I had the opportunity to sit down and chat with my uncle Brian about being competitive. The more content I create for the Calvin Keeney Show, the more I realize there aren’t a whole lot of similarly competitive people like me in this world.
I’m very happy to have a friend like my uncle Brian to discuss life as a highly competitive person. It makes me feel more normal knowing that I’m not the only one that gets frustrated navigating life through a highly competitive lens.
Here is the video of Brian Keeney and I talking about our competitive experiences.
The Competitive “Switch”: What it Feels Like When it Turns On
Growing up I thought everyone had a competitive switch that would turn on. I just thought mine was much stronger than the other kids.
The older I get, the more I realize that not everyone has this. In fact, most people seem to not have one at all and that’s ok. Knowing this helps me to understand other people better and the importance of being proud of who I am even though it’s different from most.
Uncle Brian and I discussed the feelings we get when our competitive switch turns on. It can be embarrassing if we let our competitiveness out at the wrong time. So we’ve learned how to better handle those situations.
Healthy Ways to Deal with Your Competitiveness
I like to set aside time during the week where I schedule activities that are focused on being competitive. These activities are best if I have other competitive people participating alongside myself.
Uncle Brian talked about not feeling himself when he goes too long with out that feeling of intense competition. Even if it’s a friendly game of basketball with other competitive players. I agreed and know that I need competition in my life or I don’t feel fulfilled.
Raising Kids as a Competitive Person
It’s important to remember that people are different than you in many ways. Even children that were born with your same genes.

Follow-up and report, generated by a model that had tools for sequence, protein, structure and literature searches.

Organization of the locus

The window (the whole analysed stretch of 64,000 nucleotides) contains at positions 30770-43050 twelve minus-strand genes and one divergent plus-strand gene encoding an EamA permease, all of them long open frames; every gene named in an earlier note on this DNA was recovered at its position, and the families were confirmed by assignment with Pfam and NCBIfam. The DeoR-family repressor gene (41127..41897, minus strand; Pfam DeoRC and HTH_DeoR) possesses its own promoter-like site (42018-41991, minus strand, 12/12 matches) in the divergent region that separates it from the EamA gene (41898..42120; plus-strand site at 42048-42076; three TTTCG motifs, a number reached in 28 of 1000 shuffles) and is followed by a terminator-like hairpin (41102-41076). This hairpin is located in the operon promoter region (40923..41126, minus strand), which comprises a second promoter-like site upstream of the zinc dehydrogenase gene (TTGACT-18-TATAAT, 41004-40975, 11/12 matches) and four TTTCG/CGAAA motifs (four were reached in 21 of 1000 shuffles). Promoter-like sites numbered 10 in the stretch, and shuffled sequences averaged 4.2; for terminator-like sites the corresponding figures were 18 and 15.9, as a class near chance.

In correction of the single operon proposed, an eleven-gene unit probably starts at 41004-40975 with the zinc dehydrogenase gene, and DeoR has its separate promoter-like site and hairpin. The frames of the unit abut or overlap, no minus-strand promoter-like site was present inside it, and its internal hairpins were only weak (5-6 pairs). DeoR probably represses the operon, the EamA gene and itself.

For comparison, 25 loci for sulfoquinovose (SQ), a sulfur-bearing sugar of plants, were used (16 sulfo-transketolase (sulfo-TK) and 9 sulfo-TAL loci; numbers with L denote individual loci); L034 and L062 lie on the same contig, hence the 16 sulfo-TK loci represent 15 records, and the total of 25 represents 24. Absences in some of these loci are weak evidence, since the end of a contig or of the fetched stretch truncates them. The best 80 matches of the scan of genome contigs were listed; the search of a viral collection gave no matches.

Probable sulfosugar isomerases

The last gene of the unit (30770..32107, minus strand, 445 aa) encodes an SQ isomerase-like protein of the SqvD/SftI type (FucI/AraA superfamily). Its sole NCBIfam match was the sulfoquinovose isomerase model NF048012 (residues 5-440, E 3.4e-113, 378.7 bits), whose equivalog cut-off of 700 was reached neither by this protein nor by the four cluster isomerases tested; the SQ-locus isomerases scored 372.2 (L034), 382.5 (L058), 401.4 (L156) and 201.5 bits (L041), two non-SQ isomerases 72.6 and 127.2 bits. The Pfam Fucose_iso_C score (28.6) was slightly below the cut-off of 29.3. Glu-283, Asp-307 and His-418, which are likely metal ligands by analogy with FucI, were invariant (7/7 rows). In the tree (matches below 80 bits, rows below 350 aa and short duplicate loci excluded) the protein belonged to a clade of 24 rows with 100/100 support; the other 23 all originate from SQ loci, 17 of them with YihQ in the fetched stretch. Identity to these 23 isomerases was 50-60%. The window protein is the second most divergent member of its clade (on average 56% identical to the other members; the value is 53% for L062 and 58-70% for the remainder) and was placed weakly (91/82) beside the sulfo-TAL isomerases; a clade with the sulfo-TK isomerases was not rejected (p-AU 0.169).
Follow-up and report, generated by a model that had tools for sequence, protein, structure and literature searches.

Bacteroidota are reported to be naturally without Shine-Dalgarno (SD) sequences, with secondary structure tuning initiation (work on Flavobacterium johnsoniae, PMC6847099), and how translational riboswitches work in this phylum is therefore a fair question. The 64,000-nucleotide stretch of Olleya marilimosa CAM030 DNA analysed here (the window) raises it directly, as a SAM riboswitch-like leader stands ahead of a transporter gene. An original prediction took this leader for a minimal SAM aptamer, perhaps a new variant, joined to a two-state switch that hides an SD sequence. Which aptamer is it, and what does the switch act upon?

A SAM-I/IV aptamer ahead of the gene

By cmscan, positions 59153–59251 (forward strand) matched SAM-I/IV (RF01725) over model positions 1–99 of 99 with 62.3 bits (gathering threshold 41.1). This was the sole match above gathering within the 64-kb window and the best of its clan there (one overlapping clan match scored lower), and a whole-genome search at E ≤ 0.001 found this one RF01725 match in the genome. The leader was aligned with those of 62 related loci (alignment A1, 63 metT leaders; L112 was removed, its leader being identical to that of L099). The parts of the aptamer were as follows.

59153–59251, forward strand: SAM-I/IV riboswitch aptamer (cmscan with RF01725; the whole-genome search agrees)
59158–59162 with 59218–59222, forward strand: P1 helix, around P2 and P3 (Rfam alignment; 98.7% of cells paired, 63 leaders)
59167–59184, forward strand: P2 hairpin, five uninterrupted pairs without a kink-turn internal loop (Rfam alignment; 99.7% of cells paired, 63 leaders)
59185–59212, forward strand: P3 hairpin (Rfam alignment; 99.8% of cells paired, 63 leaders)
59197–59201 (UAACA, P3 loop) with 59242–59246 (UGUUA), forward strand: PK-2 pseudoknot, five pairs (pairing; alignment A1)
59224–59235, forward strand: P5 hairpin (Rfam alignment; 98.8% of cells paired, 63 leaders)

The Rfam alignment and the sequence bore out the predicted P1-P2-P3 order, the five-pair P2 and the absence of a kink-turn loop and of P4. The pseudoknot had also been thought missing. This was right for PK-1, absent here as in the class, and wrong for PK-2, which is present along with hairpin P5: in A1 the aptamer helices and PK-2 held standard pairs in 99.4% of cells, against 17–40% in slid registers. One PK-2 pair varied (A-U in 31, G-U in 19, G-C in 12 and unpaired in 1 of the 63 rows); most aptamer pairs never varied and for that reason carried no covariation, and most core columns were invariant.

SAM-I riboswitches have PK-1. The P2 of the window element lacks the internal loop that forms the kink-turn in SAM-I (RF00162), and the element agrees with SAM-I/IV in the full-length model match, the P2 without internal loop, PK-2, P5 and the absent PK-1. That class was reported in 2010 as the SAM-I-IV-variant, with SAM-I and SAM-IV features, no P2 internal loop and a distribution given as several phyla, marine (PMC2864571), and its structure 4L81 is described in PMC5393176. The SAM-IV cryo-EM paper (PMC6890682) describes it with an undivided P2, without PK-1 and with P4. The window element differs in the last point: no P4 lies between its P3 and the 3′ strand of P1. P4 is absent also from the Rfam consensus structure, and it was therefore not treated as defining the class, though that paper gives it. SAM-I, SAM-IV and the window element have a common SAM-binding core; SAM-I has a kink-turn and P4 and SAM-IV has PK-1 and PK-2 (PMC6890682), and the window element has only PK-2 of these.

Competitive parents and caregivers might find it helpful to remember this and not try to force their competitiveness onto others that don’t want that.
I found that using my competitive nature to become a better resident assistant was helpful when supporting adults with intellectual and developmental disabilities. However, forcing my competitiveness into their lives would not have been particularly helpful because they enjoy life through their own lens. And my job was to support them to fulfill the best version of themselves.
Same goes with parenting (or so it sounds. Haha)
Supporting People that are Highly Competitive
My mom did an amazing job at raising me as I learned how to deal with being competitive.
There were many many many times when I expressed my competitiveness in an unhealthy way. Looking back on it, I’m even more grateful and amazed at how well my mom handled those situations.
She continued to find ways for me to be competitive in a healthy way with other kids that were also competitive. This was extremely helpful for me as I learned when it was appropriate to be “out for blood” and when it was time to play nice.
I enjoy being around people that understand my competitiveness and know that it is important for me to find healthy outlets for it. Even if the person doesn’t understand WHY someone would need this.
Do You Know any Highly Competitive People?
Are you a highly competitive person? Do you know someone that is?
Let us know in the comments below what has helped you and others express their competitiveness in a healthy way. This topic is important to us ultra competitive people who want to be proud of who we are while also still feeling like we belong in non competitive groups of people 🙂
Thanks for reading!